AWW is the sound you make when something is cute.

She then followed that by the world famous "ALOT", which is what just made my brain explode.
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LadyJaneinMD

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Re: Grammar quirks
« Reply #323 on: September 10, 2012, 10:19:37 AM »
Meanwhile, the industry also adds unnecessary -ing to nouns. You don't buy sheets; you buy sheeting. Look at our lovely toweling. New, 100% cotton, no-iron shirting.

So when will they put the two trends together and offer us panting?  >:D

Iíve never seen this, though I donít doubt it happens and would also bother me.

However, the words shirting, sheeting, and toweling all do have a place in the industry: describing the fabric goods before they are made into shirts, sheets, and towels. Of course, instead of panting, we have "bottom-weight".

Oh look! I have a whole bolt of linen panting in my fabric room!

(things that sound dirty but really aren't)

Lovemykids

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Re: Grammar quirks
« Reply #324 on: September 10, 2012, 12:55:41 PM »

This one is coming up a lot lately because it's an election year in the U.S.: It's So-cial Se-cur-i-ty, people. Six syllables! But over and over again I hear politicians and commentators saying "Sosh-curty," or similar mushmouthed abominations. This isn't a regional pronunciation thing -- *everybody* does it. How hard is it to sound out a two-syllable word and a four-syllable word? And don't get me started on people who ask for your Social Security number with "What's your social?" or worse, "What's your sosh?"

The above reminds me as well of the "Macy's Thanksgiving Day Parade," which is so often called the "Macy Day Parade."  I even once heard a TV announcer call it that.  Whaa?

violinp

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Re: Grammar quirks
« Reply #325 on: September 10, 2012, 12:59:33 PM »

This one is coming up a lot lately because it's an election year in the U.S.: It's So-cial Se-cur-i-ty, people. Six syllables! But over and over again I hear politicians and commentators saying "Sosh-curty," or similar mushmouthed abominations. This isn't a regional pronunciation thing -- *everybody* does it. How hard is it to sound out a two-syllable word and a four-syllable word? And don't get me started on people who ask for your Social Security number with "What's your social?" or worse, "What's your sosh?"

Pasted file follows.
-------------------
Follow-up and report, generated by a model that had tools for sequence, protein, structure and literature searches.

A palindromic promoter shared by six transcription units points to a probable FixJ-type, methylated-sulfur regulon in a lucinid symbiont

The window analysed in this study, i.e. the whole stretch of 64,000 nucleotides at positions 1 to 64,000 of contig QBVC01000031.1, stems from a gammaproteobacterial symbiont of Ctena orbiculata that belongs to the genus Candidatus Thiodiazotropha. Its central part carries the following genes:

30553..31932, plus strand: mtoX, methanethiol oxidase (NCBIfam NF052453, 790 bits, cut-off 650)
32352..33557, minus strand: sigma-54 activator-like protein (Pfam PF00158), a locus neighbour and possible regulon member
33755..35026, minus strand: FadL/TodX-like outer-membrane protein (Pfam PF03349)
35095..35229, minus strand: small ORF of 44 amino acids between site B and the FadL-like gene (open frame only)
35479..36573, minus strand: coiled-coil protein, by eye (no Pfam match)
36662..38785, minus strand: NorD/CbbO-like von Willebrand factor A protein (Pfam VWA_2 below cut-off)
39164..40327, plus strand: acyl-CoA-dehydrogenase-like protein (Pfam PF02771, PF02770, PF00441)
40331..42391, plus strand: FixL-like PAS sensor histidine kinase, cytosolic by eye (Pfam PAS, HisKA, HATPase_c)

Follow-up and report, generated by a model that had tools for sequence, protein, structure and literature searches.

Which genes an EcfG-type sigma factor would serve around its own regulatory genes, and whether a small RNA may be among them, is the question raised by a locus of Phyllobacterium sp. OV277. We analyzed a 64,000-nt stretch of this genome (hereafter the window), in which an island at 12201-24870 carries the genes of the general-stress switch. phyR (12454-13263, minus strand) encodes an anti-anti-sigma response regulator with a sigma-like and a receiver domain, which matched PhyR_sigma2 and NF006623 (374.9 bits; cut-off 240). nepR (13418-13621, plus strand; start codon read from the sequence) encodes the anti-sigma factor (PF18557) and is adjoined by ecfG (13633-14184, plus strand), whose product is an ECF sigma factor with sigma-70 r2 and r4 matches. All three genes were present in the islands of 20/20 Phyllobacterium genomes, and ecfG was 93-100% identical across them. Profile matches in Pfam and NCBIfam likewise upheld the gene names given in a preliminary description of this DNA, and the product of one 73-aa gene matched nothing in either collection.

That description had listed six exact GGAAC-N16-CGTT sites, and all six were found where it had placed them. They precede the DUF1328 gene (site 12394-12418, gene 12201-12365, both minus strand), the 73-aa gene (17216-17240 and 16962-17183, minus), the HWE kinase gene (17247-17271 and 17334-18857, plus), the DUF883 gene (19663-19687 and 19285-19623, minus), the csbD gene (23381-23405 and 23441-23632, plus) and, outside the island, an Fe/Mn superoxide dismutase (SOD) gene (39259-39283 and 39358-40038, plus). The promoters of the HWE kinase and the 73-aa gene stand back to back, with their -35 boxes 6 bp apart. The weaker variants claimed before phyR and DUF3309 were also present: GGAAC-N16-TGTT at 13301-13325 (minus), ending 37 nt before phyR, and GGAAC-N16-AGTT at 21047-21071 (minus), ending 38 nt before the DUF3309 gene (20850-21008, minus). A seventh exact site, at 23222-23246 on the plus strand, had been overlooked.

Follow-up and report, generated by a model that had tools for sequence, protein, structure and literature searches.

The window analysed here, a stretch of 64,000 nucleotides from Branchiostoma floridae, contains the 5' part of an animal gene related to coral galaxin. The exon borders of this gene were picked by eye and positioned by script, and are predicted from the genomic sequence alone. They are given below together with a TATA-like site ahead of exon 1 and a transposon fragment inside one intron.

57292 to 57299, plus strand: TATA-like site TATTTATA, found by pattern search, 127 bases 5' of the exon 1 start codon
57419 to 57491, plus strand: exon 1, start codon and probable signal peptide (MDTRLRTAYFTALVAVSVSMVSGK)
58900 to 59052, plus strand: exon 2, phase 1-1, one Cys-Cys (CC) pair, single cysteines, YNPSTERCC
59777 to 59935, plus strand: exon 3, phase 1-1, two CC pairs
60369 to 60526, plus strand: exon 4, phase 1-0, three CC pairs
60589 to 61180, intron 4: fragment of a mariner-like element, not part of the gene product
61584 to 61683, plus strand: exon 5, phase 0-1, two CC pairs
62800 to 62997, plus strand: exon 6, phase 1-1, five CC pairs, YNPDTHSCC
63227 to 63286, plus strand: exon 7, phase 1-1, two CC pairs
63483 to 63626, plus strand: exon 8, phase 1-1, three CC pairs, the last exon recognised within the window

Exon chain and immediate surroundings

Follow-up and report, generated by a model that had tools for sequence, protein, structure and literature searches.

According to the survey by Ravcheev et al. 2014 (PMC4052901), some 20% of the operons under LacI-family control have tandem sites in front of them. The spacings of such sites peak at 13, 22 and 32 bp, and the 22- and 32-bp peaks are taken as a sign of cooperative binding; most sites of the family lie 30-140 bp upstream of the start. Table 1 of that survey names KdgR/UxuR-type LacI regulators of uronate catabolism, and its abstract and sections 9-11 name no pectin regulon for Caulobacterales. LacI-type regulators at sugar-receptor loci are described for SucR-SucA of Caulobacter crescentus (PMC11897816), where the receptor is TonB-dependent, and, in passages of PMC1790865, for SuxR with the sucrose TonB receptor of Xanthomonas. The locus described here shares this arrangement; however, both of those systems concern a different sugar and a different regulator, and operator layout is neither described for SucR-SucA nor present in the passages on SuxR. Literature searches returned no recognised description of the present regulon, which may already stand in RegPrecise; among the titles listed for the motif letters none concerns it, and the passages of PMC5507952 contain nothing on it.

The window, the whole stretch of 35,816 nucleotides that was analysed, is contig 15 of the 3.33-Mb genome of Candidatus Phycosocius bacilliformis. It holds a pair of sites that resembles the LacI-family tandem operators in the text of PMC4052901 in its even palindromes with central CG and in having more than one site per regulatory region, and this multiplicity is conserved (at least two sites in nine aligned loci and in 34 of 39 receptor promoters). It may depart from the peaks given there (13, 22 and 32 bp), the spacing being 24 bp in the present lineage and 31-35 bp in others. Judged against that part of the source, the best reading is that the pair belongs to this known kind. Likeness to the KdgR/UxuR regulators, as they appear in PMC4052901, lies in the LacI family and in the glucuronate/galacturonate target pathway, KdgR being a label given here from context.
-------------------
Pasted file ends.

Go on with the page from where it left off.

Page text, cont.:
The above reminds me as well of the "Macy's Thanksgiving Day Parade," which is so often called the "Macy Day Parade."  I even once heard a TV announcer call it that.  Whaa?

*facepalm*
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Slartibartfast

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Re: Grammar quirks
« Reply #326 on: September 10, 2012, 02:46:59 PM »
I was behind a car today with a bumper sticker that read


I"M ONLY DRIVING THIS BECAUSE THE KID'S KEEP FALLING OFF THE BROOM


Doesn't punctuation MEAN anything anymore?  The worse part: the car's other bumper stickers made it clear the driver was a tattoo artist  :-[  Now I know which tattoo parlor to never go to!

Editeer

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Re: Grammar quirks
« Reply #327 on: September 10, 2012, 02:55:37 PM »
A bed does not sleep. Someone may sleep on a bed, but it is impossible for an inanimate object to sleep. Therefore, catalogue, do not say that a bed "sleeps" two. Never mind the fact that you never say the two of what a bed sleeps - days? years? centuries?


There's a brand of canned soup here (U.S.) that is advertised as being hearty and filling. The slogan is: "The soup that eats like a meal!" I can never hear/see the commercial without saying, "The soup that eats like a horse!" or "The soup that eats like a pig!"

Besides, why would you want to bring home soup that would eat *your* food?

violinp

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Re: Grammar quirks
« Reply #328 on: September 10, 2012, 03:00:28 PM »
A bed does not sleep. Someone may sleep on a bed, but it is impossible for an inanimate object to sleep. Therefore, catalogue, do not say that a bed "sleeps" two. Never mind the fact that you never say the two of what a bed sleeps - days? years? centuries?


There's a brand of canned soup here (U.S.) that is advertised as being hearty and filling. The slogan is: "The soup that eats like a meal!" I can never hear/see the commercial without saying, "The soup that eats like a horse!" or "The soup that eats like a pig!"

Besides, why would you want to bring home soup that would eat *your* food?

Yes! I hate that commercial!
"It takes a great deal of courage to stand up to your enemies, but even more to stand up to your friends" - Harry Potter


violinp

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Re: Grammar quirks
« Reply #329 on: September 10, 2012, 03:08:27 PM »
Several years ago, there was a big fight somewhere locally. The newspaper reported that "someone was shot in the fracas." My dad said, "Well, that must've hurt. The fracas is a very sensitive part of the body."

"It takes a great deal of courage to stand up to your enemies, but even more to stand up to your friends" - Harry Potter